Example: Convergent validity
For your research into narcissistic personality disorder, you have developed a questionnaire designed to measure narcissism.

You draw a sample of students and ask them to fill in your questionnaire. You also include one more scale measuring conspicuous consumption.

In academic literature, individuals who exhibit narcissistic behaviour are also more inclined towards conspicuous consumption. The expectation is that the scores of the two tests should converge.

If the scores of your questionnaire correlate with the scores of the other test, then your questionnaire has high convergent validity. Conversely, if the scores of your questionnaire don’t correlate with the scores of the other test, your questionnaire has low convergent validity.

You can also test convergent validity by using two different data collection methods in your research design. To measure narcissism, you could also design a personality test and a structured interview. Since the two methods are measuring the same concept, their results should also correlate.

You should first establish convergent validity before testing for discriminant validity. Together, these two tests allow you to assess construct validity. Investigating relationships between constructs helps you ensure a high correlation for convergent validity and a low (or nonexistent) correlation for discriminant validity.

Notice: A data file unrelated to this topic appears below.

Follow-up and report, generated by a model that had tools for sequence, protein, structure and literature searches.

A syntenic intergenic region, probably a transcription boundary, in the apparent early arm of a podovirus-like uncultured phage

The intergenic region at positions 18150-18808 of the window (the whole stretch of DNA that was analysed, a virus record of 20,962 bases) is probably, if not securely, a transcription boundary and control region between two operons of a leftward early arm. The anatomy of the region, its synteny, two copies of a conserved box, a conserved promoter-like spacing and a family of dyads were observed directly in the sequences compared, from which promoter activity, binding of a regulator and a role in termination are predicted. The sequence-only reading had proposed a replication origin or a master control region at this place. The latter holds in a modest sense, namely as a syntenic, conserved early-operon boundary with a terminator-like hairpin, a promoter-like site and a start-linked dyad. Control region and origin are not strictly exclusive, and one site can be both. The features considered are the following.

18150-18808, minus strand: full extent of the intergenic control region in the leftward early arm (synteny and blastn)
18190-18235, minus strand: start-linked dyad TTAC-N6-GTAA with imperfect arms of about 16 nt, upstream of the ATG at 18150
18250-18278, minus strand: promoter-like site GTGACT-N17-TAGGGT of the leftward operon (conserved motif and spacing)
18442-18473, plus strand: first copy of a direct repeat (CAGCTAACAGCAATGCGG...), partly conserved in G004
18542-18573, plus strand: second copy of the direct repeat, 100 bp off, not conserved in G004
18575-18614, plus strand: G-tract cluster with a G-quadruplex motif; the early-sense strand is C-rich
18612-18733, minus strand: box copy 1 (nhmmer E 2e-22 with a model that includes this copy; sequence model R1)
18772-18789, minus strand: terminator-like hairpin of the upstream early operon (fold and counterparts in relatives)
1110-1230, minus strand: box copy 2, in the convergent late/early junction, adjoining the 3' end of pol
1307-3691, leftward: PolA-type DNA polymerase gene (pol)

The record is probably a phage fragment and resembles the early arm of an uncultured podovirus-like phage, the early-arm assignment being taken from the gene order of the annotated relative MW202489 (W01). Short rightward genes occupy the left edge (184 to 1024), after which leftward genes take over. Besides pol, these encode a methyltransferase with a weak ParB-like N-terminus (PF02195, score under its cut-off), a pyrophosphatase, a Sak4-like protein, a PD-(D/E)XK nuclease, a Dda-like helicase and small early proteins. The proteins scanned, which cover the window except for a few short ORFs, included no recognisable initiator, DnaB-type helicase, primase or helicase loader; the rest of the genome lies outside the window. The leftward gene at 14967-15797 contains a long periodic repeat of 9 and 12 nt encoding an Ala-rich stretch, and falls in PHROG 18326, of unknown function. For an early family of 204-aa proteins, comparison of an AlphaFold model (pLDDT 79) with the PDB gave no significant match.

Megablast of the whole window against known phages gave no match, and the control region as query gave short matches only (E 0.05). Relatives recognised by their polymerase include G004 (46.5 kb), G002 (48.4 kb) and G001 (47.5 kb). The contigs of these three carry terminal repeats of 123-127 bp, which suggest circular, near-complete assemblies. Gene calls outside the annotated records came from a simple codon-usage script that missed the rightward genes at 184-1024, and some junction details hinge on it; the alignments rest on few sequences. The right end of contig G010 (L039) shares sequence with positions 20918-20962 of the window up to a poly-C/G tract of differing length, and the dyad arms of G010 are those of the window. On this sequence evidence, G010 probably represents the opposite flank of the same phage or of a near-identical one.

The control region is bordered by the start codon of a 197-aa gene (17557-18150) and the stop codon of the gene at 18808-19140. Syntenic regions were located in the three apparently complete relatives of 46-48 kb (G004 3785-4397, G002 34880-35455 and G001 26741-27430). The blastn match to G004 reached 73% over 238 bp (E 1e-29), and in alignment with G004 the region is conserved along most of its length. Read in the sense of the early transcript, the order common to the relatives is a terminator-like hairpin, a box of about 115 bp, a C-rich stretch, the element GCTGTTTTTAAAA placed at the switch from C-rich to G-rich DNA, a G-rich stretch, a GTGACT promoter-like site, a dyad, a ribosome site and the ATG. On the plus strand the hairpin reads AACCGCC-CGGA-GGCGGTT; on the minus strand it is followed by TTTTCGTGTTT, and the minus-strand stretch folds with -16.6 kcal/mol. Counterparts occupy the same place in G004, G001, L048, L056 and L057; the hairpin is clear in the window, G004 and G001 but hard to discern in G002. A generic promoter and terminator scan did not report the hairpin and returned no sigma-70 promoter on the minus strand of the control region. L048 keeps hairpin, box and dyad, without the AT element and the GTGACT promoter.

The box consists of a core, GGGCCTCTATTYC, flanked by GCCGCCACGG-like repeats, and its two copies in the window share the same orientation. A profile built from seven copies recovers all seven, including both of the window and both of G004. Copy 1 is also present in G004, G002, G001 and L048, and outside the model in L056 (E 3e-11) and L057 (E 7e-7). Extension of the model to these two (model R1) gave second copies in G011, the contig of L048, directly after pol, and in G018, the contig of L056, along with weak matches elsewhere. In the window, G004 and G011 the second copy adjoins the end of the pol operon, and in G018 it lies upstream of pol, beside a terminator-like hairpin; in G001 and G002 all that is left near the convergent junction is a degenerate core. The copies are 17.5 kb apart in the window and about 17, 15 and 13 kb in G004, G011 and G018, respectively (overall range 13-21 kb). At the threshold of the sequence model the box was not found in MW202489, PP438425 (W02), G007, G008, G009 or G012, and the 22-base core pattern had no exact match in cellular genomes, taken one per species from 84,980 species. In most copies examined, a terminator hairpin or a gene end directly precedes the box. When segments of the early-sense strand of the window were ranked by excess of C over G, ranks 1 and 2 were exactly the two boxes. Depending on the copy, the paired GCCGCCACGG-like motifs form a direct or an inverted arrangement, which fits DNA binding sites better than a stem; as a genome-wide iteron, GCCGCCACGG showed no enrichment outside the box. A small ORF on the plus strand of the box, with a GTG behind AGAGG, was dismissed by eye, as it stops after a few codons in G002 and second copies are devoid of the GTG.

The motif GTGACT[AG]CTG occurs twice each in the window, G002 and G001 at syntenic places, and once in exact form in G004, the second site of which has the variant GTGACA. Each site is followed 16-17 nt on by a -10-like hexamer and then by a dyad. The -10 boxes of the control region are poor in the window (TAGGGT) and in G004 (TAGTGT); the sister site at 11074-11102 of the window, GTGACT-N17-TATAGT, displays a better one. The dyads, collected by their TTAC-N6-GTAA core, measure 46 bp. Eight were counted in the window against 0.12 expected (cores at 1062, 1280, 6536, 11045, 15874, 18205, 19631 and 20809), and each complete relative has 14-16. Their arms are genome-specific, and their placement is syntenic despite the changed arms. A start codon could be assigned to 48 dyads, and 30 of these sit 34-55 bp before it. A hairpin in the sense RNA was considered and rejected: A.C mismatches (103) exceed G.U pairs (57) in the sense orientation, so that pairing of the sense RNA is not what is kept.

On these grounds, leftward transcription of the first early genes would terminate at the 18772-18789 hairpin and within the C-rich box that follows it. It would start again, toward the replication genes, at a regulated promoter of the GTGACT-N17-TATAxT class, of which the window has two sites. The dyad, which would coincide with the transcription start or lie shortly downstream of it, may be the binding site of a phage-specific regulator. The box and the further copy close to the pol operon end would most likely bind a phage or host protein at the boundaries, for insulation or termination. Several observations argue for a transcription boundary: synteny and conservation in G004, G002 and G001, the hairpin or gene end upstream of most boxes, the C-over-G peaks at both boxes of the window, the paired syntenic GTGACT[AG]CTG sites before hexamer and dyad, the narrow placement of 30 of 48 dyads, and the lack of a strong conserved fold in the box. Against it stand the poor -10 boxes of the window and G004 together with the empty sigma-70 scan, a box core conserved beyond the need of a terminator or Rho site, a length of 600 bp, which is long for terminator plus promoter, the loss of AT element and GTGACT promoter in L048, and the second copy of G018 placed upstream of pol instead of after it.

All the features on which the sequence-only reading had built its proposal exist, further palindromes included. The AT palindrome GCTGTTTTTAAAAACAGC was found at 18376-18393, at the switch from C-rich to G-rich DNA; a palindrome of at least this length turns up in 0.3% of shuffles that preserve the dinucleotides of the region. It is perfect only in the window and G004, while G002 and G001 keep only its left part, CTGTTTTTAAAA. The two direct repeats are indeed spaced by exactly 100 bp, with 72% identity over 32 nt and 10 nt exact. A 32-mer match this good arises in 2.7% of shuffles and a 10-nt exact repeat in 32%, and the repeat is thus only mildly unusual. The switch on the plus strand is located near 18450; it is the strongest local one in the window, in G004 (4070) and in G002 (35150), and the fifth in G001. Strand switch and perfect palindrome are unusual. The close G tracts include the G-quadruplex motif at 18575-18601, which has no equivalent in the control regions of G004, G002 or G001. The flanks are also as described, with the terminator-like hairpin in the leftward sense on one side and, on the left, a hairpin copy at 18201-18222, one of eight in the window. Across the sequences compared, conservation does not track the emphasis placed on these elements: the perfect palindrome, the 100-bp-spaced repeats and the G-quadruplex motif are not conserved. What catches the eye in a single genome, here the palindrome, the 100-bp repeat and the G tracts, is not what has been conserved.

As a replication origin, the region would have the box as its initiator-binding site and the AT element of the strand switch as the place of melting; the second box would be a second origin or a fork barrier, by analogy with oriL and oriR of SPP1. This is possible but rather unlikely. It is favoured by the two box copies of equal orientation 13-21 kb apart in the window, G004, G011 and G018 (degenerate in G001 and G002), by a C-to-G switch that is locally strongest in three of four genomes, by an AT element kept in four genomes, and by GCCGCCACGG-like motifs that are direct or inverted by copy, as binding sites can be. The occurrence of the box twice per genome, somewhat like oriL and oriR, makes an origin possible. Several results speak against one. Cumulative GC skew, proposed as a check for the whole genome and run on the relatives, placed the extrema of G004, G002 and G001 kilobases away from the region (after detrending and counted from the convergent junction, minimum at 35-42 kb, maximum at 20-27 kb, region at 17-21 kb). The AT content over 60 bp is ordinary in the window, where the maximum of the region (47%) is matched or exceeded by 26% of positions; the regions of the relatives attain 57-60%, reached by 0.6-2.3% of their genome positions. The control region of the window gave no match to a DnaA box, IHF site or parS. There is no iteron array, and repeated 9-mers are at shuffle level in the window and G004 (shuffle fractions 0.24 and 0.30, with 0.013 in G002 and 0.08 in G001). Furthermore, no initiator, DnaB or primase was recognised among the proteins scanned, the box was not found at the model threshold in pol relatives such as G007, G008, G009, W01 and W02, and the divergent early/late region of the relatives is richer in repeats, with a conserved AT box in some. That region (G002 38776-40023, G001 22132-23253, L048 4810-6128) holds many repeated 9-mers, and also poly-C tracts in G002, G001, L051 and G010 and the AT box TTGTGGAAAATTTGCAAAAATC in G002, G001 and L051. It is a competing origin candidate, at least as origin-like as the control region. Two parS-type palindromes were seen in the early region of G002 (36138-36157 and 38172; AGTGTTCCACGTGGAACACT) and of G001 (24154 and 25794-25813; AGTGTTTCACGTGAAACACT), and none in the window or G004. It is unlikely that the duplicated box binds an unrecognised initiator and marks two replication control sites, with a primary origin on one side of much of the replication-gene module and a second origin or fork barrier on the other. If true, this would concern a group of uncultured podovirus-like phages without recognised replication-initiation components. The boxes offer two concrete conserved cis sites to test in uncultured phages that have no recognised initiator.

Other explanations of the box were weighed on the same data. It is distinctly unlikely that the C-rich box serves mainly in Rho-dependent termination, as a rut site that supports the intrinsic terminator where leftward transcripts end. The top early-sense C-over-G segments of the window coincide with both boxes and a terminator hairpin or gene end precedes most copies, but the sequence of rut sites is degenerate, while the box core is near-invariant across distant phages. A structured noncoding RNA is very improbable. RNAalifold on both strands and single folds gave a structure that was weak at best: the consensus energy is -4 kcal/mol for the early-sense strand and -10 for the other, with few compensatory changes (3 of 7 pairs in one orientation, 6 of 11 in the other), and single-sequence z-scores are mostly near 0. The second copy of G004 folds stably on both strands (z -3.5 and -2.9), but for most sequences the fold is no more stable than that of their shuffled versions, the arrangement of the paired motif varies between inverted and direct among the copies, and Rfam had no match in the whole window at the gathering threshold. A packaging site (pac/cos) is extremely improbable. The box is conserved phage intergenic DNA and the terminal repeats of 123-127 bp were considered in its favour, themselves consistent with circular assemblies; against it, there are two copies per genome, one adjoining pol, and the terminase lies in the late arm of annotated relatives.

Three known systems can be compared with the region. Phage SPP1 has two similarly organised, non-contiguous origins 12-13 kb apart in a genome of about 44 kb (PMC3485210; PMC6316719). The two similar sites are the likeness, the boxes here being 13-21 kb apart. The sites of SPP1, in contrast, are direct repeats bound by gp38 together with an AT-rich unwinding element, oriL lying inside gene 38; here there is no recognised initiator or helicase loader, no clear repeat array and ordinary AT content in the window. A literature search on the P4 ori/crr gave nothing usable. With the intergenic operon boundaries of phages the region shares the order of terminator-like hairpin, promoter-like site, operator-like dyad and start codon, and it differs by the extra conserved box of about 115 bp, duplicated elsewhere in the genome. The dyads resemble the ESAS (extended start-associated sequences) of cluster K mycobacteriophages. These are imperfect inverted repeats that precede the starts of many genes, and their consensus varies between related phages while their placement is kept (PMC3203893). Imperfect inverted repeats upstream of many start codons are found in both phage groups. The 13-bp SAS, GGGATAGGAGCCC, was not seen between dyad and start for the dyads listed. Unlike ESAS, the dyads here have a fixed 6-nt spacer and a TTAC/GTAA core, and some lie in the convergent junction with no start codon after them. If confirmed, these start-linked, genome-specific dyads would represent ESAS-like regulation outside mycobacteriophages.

How to measure convergent validity

To measure the convergent validity of your test, you must demonstrate that there is a positive correlation between measures of related constructs. In other words, if you have two related scales, people who score high on one scale should score high on the other as well.

Correlation is estimated by a correlation coefficient, such as Pearson’s r, which is a number that ranges between 1 and −1. This coefficient shows you the strength and direction of the relationship between variables.

Correlation coefficient values can be interpreted as follows:

  • r = 1: There is perfect positive correlation
  • r = 0: There is no correlation at all.
  • r = −1: There is perfect negative correlation

You can automatically calculate Pearson’s r in Excel, R, SPSS, or other statistical software.

To find a similar construct, and thus a similar test to compare for convergent validity, you need to look into relevant academic literature. What do you already know about the relationships between constructs? What other constructs are related to the construct you are studying?

Although there’s no hard and fast rule, an r value of >0.50 is generally considered sufficient to suggest convergent validity. However, keep in mind that correlations with related constructs should be higher than those of unrelated constructs.

Suppose you are interested in rumination as a personality trait. Rumination is defined as obsessional thinking involving excessive, repetitive thoughts that interfere with other forms of mental activity. You have developed a new scale to measure that trait.

There is evidence in academic literature that people who tend to ruminate also tend to show signs of neuroticism and anxiety. This suggests that the construct of rumination is related to the constructs of neuroticism and anxiety.

To establish the convergent validity of your rumination scale, you decide to compare it against scales measuring neuroticism and anxiety.